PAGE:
Digital Poetics: The Making of E-Poetries
Author: Loss Pequeño Glazier
Publisher: Tuscaloosa, AL: University of Alabama Press, 2002
Review Published: December 2002
Loss Glazier is the Director of the Electronic Poetry Center of the State University of New York at Buffalo, arguably the premier site or home for poetry today, and as such speaks with some authority. In Digital Poetics: The Making of E-Poetries, he translates his experiences as both an involved poet and engaged teacher to deliver sources and a working philosophy against which readers can develop their own way of doing e-poetry.
This book may present difficulties for some readers since Glazier addresses the confluence of two important cultural streams: the potential for world experimental art and artists that the Internet has opened and the terrain of contemporary poetry as it is increasingly practiced today. These streams don't converge in a simple fashion in the real world but rather interact on a number of levels. However, Glazier has found a mechanism to center on the cutting edge of interest in the current in both streams through the use of sidebars (a tool grounded in hypertext and information retrieval sources). His sidebars stem from "techne," which aptly enough has roots in both art and technology. Like Internet links, techne can send one back through history or out onto an information lode. As such, the book is not to be read as a cover-to-cover thesis but as a sourcebook to keep at hand should one feel a need for exploring an information avenue. One can techne, jump, or link intellectually here even if not virtually via the Internet. Not as easy as navigating the net, but close.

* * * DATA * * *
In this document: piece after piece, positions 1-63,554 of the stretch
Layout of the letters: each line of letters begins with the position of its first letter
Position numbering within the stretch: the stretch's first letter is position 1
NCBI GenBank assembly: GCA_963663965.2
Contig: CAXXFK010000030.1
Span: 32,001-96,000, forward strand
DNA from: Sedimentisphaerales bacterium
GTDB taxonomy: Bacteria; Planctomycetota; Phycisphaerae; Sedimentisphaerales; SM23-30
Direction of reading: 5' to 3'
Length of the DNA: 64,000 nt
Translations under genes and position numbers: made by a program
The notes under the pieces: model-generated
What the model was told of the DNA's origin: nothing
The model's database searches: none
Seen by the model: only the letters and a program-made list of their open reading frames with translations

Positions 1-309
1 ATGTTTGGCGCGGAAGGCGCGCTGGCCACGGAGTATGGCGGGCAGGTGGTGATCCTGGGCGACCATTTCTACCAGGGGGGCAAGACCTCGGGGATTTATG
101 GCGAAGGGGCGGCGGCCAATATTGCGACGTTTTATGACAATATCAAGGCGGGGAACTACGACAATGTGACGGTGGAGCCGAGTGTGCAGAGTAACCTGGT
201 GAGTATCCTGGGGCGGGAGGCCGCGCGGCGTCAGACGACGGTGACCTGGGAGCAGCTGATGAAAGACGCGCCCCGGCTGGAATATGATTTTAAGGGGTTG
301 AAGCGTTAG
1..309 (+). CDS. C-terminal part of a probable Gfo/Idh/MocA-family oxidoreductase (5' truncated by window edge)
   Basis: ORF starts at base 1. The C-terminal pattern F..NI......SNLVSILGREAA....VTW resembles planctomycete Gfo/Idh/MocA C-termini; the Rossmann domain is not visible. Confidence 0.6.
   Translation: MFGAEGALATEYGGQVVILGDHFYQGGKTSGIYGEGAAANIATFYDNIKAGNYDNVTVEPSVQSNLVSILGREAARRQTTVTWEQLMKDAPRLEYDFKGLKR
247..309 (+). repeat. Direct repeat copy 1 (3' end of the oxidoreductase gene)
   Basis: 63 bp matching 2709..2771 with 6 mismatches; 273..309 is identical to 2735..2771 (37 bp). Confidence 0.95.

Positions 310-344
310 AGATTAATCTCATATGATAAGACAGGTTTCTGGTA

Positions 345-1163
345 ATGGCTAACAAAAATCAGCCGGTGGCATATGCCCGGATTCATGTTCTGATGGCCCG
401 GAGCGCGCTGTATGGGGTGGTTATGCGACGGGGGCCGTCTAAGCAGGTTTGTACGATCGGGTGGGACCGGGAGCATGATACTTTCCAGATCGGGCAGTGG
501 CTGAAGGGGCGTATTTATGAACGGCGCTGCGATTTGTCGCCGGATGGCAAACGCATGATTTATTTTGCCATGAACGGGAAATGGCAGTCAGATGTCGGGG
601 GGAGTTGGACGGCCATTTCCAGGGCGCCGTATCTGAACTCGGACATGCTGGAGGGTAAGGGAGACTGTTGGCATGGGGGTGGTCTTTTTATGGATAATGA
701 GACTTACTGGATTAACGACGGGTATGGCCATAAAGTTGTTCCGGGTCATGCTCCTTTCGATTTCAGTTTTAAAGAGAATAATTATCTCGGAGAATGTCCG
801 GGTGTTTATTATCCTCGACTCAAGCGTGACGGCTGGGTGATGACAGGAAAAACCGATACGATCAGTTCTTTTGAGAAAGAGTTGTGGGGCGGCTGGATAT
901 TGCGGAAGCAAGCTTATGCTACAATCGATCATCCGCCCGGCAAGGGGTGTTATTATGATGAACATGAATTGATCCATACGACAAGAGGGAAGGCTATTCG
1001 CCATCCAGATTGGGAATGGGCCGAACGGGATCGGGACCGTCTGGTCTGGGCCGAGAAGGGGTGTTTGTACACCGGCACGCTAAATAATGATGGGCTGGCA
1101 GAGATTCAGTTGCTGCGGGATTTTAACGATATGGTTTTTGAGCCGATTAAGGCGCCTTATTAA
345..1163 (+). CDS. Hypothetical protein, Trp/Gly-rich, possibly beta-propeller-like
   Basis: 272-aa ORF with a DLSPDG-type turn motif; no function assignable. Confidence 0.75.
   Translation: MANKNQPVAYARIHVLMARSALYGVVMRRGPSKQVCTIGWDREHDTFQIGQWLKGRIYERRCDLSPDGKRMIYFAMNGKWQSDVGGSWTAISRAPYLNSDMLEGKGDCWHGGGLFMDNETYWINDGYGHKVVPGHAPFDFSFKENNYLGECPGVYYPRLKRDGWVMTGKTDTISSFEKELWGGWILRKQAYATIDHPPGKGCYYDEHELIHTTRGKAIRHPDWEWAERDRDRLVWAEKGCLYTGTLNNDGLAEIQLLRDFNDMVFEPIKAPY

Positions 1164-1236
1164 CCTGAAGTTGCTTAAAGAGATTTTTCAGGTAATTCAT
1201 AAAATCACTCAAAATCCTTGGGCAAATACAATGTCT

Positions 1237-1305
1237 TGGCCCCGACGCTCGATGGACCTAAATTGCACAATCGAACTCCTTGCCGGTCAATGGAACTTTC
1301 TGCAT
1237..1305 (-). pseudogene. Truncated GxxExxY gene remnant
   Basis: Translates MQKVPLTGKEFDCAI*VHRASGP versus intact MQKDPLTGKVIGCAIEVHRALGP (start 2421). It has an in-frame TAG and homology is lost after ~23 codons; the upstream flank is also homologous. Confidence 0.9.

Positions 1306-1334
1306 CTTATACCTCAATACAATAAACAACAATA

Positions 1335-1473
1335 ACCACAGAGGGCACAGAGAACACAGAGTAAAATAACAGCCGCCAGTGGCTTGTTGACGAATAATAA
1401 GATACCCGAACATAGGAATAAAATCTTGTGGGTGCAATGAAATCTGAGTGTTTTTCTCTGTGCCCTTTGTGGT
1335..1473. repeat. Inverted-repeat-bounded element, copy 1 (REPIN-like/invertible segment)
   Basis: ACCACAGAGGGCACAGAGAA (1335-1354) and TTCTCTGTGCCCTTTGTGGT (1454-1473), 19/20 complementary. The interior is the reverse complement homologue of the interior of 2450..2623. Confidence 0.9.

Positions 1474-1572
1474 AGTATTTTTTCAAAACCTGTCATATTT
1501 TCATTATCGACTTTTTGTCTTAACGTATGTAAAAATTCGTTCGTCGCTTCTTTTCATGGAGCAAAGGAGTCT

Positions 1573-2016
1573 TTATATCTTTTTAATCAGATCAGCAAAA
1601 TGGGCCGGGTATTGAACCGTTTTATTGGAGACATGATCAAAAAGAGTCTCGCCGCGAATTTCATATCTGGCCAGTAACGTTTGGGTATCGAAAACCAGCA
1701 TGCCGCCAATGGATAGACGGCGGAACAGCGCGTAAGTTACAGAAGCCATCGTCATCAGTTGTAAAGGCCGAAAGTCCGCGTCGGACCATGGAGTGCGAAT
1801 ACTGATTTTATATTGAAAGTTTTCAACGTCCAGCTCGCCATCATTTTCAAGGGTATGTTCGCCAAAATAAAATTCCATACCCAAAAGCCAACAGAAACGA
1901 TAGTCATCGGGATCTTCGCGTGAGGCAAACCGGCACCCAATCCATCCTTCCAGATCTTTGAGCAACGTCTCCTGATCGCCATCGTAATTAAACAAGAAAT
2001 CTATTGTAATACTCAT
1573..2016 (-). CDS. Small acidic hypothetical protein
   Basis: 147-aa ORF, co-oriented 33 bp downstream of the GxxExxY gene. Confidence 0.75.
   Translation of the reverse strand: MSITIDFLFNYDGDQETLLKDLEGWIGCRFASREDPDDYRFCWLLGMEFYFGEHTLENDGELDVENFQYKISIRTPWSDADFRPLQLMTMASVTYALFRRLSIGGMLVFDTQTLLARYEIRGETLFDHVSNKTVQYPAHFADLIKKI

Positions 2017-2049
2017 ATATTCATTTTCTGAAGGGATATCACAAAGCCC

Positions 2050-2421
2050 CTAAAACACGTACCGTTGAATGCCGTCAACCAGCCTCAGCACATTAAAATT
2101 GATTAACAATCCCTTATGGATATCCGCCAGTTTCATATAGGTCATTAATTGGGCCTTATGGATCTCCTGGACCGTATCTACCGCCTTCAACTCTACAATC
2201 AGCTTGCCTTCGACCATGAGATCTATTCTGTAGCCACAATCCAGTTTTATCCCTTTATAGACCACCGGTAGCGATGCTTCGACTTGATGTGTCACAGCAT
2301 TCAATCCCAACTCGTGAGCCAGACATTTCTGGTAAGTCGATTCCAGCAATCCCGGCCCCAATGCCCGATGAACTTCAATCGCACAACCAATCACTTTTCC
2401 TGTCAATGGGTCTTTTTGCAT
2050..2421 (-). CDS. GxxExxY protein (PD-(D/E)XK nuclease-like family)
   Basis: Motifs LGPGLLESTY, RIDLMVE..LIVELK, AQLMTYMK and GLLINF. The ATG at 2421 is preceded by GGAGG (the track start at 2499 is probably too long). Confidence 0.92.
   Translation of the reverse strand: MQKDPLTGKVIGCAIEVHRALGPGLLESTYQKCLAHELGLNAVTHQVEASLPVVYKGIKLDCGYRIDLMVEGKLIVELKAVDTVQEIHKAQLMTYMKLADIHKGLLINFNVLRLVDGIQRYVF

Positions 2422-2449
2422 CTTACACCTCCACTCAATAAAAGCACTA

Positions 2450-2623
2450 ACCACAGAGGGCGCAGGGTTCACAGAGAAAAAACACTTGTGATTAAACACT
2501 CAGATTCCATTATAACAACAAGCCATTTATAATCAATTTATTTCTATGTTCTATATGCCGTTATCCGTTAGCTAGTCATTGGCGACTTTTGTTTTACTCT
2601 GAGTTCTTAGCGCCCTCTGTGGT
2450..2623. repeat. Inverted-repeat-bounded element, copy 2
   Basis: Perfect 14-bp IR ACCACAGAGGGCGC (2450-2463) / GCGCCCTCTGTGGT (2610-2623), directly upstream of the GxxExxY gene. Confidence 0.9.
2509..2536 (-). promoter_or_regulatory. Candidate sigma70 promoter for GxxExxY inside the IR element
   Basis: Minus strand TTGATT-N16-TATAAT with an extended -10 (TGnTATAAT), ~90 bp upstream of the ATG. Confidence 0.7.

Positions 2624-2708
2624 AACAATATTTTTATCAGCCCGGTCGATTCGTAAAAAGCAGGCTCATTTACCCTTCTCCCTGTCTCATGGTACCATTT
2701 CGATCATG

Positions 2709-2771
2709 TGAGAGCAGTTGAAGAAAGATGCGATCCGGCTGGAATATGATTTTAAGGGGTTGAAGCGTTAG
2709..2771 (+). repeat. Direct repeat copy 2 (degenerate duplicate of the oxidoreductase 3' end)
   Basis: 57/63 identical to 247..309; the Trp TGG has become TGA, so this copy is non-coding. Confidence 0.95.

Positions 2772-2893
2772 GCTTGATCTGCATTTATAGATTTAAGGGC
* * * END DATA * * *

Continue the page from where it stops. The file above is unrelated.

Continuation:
Adapting technology to art is one of the streams this book explores and it should be emphasized that the approach is one of adapting tools to art, in the tradition of Cayley and Rosenberg, rather than the all-too-common approach which seeks to adapt art and poetry to the latest technology. The typical conception of e-poetry might be to take a poem and put it on the Internet using the various technologies available, such as hypertext, animation software, etc. Yet this does not account for the "changes" that have occurred in the last century about what a "poem" is.
Poetry is the process of writing and no longer just the finished product as it appears on a page in a high-school textbook. As Glazier points out here and illustrates with examples from his and others' work, the e-world is an ideal place for this process to happen as you can often see it happening before your eyes. This, of course, does not mean that the e-world is the only place it can happen as in many ways that has always been what poetry is.
In this rapidly changing environment it is obvious that we will never know all we need to know and there will always be eternal disagreements about which code or piece of software is best. Yet, Glazier manages to furnish a handhold and perspective to get readers started writing or e-poeting -- don't quibble over the term here, he seems to suggest, just do it. While this is not a handbook on a specific technology or a textbook on learning a specific computer language, he does furnish enough basics and a glossary so that readers can learn to grep (As per Glazer's glossary: Grep is "A procedure, formal method, or program that filters text according to given patterns; it processes input text and produces output, according to user-specified modifiers.) with the best. As Ron Silliman notes: "Larger productions, such as poems, are like completed machines. Any individual sentence might be a piston. It will not get you down the road by itself, but you could not move the vehicle without it" (quoted by Glazier, 96).